Camels’ milk could hit UK shelves

BBC News:

Camels’ milk could become the latest super food to hit the shelves of health food shops and upmarket retailers.

The United Nations is calling for the milk, which is rich in vitamins B and C and has 10 times more iron than cow’s milk, to be sold to the West.

Camels’ milk, which is slightly saltier than traditional milk, is drunk widely across the Arab world and is well suited to cheese production.

Harrods and Fortnum & Mason are said to be interested in the product.

As well as its high mineral and vitamin content, research has suggested that antibodies in camels’ milk can help fight diseases like cancer, HIV/Aids Alzheimer’s and hepatitis C.

And work is on-going to see whether it can have a role in reducing the effects of diabetes and heart disease.

The UN’s food arm, the Food and Agriculture Organisation (FAO), wants producers in countries from Mauritania to Kazakhstan to start selling camels’ milk to the West.

It hopes donors and investors will help develop the market.

‘Humps in production’

Meat and dairy expert at the FAO Anthony Bennett said: “The potential is massive. Milk is money.”

He said there were 200 million potential customers in the Arab world and tens of millions more in Europe, the Americas and Africa.

He suggested the market could be worth at least £5.6 billion although improvements are needed along the supply chain.

“No one’s suggesting intensive camel dairy farming, but just with improved feed, husbandry and veterinary care daily yields could rise to 20 litres,” he added.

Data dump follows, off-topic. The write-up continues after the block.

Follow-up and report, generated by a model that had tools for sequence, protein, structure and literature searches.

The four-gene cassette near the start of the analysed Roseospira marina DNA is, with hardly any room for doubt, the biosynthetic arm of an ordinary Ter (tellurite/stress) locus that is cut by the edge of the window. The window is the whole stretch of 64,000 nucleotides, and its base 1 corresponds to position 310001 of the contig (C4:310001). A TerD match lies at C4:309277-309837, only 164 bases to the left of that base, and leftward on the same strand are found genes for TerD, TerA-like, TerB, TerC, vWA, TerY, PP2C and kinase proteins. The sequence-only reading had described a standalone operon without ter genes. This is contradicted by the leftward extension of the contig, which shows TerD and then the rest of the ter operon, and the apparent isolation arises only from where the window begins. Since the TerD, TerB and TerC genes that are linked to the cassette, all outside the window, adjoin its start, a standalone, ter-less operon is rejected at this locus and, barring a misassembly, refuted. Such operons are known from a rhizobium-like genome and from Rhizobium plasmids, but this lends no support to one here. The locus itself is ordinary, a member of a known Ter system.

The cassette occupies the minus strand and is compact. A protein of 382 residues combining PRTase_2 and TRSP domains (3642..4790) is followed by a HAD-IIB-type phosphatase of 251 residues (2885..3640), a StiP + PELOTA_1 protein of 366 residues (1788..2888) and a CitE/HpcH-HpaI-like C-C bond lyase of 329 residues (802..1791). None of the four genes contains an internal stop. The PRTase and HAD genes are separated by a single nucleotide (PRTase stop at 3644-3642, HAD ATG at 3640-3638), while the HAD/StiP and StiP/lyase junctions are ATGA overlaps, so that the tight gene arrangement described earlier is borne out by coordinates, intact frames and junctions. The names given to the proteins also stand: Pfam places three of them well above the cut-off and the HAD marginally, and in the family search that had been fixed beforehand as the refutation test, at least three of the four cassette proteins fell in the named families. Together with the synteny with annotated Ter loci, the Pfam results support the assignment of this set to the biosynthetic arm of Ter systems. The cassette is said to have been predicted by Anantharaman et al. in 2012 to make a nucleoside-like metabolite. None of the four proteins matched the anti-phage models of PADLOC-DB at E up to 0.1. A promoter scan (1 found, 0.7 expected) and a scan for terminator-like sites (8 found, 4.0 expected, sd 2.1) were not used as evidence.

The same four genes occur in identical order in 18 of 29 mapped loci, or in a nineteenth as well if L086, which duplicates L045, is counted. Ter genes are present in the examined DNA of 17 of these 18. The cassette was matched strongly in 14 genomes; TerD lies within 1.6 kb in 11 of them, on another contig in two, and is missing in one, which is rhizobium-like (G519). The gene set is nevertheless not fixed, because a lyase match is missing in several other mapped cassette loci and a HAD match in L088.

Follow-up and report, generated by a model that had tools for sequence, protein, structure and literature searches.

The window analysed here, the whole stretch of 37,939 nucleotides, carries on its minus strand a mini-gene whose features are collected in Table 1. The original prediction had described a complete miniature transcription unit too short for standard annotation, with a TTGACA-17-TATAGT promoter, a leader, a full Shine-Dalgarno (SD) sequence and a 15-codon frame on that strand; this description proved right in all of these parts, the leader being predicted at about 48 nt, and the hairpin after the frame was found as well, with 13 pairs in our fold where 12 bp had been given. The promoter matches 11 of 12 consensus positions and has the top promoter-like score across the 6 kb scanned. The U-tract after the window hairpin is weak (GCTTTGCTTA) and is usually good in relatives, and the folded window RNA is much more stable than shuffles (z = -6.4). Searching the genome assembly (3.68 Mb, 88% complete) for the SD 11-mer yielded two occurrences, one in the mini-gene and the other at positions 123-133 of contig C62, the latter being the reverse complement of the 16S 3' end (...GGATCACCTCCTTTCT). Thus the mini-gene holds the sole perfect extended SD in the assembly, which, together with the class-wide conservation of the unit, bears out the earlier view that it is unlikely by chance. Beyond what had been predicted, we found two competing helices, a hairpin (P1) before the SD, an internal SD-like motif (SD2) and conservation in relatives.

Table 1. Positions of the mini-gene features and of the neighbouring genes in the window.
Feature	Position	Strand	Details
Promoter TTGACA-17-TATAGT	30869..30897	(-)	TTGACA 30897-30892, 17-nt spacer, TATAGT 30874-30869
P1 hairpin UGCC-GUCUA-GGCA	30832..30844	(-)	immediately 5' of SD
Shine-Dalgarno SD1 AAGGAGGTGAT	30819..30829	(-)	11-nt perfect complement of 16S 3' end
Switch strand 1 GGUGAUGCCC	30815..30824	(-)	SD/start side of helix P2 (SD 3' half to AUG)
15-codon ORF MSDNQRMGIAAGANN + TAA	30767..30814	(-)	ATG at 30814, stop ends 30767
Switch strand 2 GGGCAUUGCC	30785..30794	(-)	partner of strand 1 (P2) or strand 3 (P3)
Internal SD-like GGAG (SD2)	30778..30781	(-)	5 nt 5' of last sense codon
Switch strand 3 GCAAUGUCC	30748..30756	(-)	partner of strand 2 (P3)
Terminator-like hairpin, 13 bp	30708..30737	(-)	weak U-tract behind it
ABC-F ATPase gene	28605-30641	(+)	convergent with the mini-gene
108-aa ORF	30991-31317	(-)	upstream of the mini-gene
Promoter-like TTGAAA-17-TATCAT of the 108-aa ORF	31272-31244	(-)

And since fresh camel milk fetches roughly a dollar a litre on African markets it would mean serious money for the nomadic herders who now have few other sources of revenue, he added.

Tapping the market for camel milk, however, involves resolving a series of humps in production, manufacturing and marketing, the FAO said.

One problem lies in the milk itself, which has so far not proved to be compatible with the UHT (Ultra High Temperature) treatment needed to make it long-lasting.

But the main challenge stems from the fact that the producers involved are, overwhelmingly, nomads.

A spokeswoman for the British Nutrition Foundation said: “Camels’ milk could be a useful addition to the diet as it contains calcium and B vitamins and is lower in saturated fat than cow’s milk.

  1. 15/02/2013 at 07:22

    A crusade against foodstuff waste is sweeping across China, with government officials and
    netizens in full swing to fight extravagance in the world’s second-largest economy, which still has 128 trillion citizenry life under the poverty line.

    The movement echoes Chinese leader Xi Jinping’s call regarding frugal
    lifestyles, urging the fine Chinese tradition of “being diligent and thrifty.”

    In an age of excessive consumption and deficit spending, China’s frugality campaign is furthermore setting an example to the world.

    A campaign released more not too long ago through the Foodstuff and Agriculture Organization (FAO) as well as the United Countries Environs Programme (UNEP) coincided with China’s efregardingts,
    taking the lifestyle problem to the center stage.

    Called the “Think, Eat, Save and Reduce your footprint,” the initiative appeals to consumers and retailers to embrace creative measures that would dramatically reduce food waste at all amounts.

    According to data released from the FAO, concerning one third of
    all foodstuff produced globally and worth 1 trillion U.
    S. dollars is lost or wasted in the production and consumption


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